In the last post I opened the topic of how to have effective meetings of your troop or pack committee. Meetings are not effective if they are a random discussion on random topics among whoever bothers to show up, when they show up. You can learn techniques for being effective in your role as committee chair and for accomplishing real results within an efficient time frame.
First, we must understand why we hold meetings. While we are inclined to think that the purpose of meetings is to get things done, consider this: Nothing happens in meetings!! Action on agenda items only takes place after the meeting. The purposes of a meeting are to review what’s been done since the last meeting, to discuss what we’re going to do in the future, decide who is going to do it, and figure out how we’ll know when it’s done.
Sometimes it’s desirable to consider whether it’s necessary to have a meeting at all. If there’s nothing to report, discuss or decide, you don’t need to meet. Minor items not needing group consensus, such as information gathering or prearranged tasks, can be dealt with in person or via phone or e-mail. If your troop slows down in the summer, you probably don’t need to hold committee meetings each month in June, July or August. This also applies if many of your committee members are away or likely to be unavailable.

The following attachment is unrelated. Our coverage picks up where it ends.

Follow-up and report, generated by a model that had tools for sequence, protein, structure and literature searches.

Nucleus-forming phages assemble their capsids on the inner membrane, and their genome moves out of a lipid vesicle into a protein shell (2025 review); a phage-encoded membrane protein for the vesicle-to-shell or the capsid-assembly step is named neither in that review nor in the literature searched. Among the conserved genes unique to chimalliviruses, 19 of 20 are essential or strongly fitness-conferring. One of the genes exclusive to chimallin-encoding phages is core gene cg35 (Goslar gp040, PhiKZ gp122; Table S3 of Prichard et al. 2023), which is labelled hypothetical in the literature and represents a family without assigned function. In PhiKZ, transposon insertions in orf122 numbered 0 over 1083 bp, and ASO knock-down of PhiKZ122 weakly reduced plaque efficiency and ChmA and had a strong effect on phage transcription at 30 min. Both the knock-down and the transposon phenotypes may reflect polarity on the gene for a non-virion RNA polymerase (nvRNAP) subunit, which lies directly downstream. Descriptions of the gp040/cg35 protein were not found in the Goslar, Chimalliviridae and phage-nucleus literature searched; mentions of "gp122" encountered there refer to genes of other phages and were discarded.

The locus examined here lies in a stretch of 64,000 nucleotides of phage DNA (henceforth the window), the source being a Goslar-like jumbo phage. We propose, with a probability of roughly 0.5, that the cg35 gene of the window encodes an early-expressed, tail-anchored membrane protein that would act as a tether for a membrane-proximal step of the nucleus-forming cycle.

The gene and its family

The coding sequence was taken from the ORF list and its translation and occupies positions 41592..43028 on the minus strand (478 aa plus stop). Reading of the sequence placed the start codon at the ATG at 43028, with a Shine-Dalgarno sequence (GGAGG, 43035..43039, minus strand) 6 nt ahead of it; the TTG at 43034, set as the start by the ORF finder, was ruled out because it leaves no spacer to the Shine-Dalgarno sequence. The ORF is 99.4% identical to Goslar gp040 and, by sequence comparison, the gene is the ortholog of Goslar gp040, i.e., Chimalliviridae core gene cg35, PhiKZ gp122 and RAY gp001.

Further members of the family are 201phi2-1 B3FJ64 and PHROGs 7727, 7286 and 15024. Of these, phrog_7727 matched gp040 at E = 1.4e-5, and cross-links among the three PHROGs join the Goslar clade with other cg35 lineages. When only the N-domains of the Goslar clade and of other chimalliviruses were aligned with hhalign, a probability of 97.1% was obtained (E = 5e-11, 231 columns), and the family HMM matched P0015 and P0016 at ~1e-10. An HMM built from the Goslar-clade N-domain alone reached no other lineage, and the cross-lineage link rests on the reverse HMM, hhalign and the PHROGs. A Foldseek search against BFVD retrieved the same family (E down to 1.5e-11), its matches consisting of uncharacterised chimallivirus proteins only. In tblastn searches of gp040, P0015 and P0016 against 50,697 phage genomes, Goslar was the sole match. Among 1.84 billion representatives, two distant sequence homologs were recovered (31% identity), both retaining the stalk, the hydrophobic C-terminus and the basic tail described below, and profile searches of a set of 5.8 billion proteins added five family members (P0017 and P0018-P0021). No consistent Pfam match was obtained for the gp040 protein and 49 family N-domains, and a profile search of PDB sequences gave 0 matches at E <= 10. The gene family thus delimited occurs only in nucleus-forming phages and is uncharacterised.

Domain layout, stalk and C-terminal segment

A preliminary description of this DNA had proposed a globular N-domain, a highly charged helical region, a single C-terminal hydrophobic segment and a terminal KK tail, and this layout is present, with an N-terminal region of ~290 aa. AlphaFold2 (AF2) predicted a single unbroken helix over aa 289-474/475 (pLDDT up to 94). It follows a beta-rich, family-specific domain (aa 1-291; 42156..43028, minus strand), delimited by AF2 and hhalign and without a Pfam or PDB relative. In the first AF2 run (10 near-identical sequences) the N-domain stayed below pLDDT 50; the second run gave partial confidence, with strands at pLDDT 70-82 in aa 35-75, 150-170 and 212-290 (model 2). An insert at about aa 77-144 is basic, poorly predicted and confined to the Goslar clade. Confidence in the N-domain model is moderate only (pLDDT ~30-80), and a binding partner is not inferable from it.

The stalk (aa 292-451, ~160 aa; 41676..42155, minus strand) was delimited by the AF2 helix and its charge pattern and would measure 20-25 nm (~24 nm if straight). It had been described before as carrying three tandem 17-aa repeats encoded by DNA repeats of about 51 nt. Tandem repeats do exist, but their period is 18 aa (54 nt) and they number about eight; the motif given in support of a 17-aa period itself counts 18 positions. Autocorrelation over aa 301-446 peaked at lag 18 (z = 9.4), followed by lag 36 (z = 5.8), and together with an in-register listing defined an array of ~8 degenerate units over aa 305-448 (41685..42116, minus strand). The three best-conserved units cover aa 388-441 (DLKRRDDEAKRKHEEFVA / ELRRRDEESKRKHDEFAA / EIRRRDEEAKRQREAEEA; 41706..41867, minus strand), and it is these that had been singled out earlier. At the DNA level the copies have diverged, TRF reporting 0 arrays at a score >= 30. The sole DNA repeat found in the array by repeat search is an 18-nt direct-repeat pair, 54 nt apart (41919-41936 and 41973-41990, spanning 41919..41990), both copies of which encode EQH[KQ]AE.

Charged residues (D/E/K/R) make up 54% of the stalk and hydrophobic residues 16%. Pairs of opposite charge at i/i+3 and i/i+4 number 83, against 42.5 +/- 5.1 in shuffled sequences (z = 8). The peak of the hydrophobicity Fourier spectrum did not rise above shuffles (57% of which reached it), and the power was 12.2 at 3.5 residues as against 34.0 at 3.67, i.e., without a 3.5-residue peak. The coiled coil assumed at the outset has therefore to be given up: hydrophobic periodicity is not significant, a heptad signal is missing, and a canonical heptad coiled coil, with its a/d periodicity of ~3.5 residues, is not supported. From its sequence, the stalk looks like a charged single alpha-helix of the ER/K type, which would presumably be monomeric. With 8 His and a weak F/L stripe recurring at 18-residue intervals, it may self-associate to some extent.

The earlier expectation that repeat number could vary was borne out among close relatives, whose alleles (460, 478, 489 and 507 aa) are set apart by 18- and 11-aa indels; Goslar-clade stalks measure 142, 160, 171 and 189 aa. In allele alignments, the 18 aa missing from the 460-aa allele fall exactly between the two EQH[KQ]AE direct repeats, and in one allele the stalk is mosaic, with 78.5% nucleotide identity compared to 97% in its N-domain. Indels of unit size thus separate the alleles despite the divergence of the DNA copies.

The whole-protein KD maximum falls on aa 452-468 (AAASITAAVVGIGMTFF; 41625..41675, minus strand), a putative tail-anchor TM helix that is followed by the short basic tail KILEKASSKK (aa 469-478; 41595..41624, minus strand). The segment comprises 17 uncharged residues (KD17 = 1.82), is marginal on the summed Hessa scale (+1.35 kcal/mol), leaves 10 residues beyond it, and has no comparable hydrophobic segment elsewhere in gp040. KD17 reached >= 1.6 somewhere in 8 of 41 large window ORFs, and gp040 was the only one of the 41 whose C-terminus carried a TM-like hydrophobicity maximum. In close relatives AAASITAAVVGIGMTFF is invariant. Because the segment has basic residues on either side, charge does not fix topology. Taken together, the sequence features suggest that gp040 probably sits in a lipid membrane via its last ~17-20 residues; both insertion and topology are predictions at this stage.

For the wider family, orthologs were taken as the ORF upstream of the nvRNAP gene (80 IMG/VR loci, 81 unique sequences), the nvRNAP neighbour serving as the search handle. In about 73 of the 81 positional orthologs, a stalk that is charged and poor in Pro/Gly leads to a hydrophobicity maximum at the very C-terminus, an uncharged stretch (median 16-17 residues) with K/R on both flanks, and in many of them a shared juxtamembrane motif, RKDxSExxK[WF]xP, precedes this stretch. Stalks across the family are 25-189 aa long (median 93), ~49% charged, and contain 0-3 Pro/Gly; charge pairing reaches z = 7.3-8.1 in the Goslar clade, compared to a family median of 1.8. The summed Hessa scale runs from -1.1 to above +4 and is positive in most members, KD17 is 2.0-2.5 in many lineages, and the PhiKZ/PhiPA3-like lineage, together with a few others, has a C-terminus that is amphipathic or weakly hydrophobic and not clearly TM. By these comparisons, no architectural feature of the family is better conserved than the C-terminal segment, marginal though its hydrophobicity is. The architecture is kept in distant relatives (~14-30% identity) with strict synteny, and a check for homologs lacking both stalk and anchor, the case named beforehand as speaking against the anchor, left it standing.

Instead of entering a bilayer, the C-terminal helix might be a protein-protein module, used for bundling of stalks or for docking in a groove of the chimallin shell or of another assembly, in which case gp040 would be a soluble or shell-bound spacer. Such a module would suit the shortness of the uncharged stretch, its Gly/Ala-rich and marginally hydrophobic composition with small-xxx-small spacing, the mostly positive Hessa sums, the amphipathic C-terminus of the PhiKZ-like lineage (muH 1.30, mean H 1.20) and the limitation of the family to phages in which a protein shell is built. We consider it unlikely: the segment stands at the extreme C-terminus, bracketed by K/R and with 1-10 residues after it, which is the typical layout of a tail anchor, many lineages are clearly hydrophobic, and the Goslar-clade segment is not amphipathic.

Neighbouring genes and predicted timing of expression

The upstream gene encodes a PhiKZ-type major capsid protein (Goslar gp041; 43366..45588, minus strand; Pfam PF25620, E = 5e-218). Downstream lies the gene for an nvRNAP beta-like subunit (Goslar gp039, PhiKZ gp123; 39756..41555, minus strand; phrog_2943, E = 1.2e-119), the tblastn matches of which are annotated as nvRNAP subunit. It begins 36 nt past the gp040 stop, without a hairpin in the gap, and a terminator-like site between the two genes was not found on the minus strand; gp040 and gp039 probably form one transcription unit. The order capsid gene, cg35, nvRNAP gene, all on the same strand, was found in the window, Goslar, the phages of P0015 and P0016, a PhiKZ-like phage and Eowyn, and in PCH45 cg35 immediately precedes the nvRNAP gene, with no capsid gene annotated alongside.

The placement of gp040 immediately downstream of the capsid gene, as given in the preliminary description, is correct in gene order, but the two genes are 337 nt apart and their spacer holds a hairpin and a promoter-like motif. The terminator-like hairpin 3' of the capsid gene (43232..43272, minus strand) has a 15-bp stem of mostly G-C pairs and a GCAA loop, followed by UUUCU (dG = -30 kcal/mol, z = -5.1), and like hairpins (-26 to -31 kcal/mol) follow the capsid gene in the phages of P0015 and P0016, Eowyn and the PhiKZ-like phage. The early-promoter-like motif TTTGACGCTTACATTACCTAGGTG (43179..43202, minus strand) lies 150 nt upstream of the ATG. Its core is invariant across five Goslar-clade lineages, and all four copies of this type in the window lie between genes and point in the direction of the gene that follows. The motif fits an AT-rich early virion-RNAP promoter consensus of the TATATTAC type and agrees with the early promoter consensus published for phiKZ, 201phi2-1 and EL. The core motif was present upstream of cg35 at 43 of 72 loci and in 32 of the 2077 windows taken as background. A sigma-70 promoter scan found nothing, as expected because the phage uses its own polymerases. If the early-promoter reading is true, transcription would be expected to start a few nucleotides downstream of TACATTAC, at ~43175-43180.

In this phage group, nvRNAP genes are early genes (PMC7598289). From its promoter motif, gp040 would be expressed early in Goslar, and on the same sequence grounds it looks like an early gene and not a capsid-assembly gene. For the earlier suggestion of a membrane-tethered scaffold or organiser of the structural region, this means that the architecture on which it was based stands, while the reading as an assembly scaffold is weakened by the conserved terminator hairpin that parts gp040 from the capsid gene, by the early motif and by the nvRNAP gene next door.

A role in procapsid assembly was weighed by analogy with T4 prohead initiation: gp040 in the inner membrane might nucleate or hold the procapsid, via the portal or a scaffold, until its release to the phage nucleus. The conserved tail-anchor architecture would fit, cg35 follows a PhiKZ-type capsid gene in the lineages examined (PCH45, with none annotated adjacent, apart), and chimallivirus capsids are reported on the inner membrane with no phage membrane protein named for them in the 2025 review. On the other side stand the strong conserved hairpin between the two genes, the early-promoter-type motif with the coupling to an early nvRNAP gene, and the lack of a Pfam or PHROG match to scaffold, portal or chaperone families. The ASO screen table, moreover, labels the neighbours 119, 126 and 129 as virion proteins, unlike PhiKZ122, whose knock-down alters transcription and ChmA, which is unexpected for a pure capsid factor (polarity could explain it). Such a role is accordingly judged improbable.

What do we generally need to accomplish in a committee meeting? Typically, we review the previous meeting and get reports from our committee members – treasurer’s report, equipment status, advancements, outdoor, membership, and whatever other committee positions you have. We talk about leftover items from the previous meeting with an eye toward closing them out, and bring up new business that we need to discuss or decide on now or in the coming months. Occasionally we may have a working or planning session too.
The essential elements for a successful meeting, as I mentioned last time, are to have an agenda, and start and end on time. Having an agenda is necessary to serve as a road map for the meeting. Starting and ending on time provides a means for ensuring that everything gets covered by containing the dialogue and constraining discussion to the topic at hand, and is respectful of those in attendance.
Next time we’ll discuss what makes an effective committee meeting, including the things we need to do to prepare.
Previously: Effective committee meetings: IntroductionThis post first appeared on Bobwhite Blather.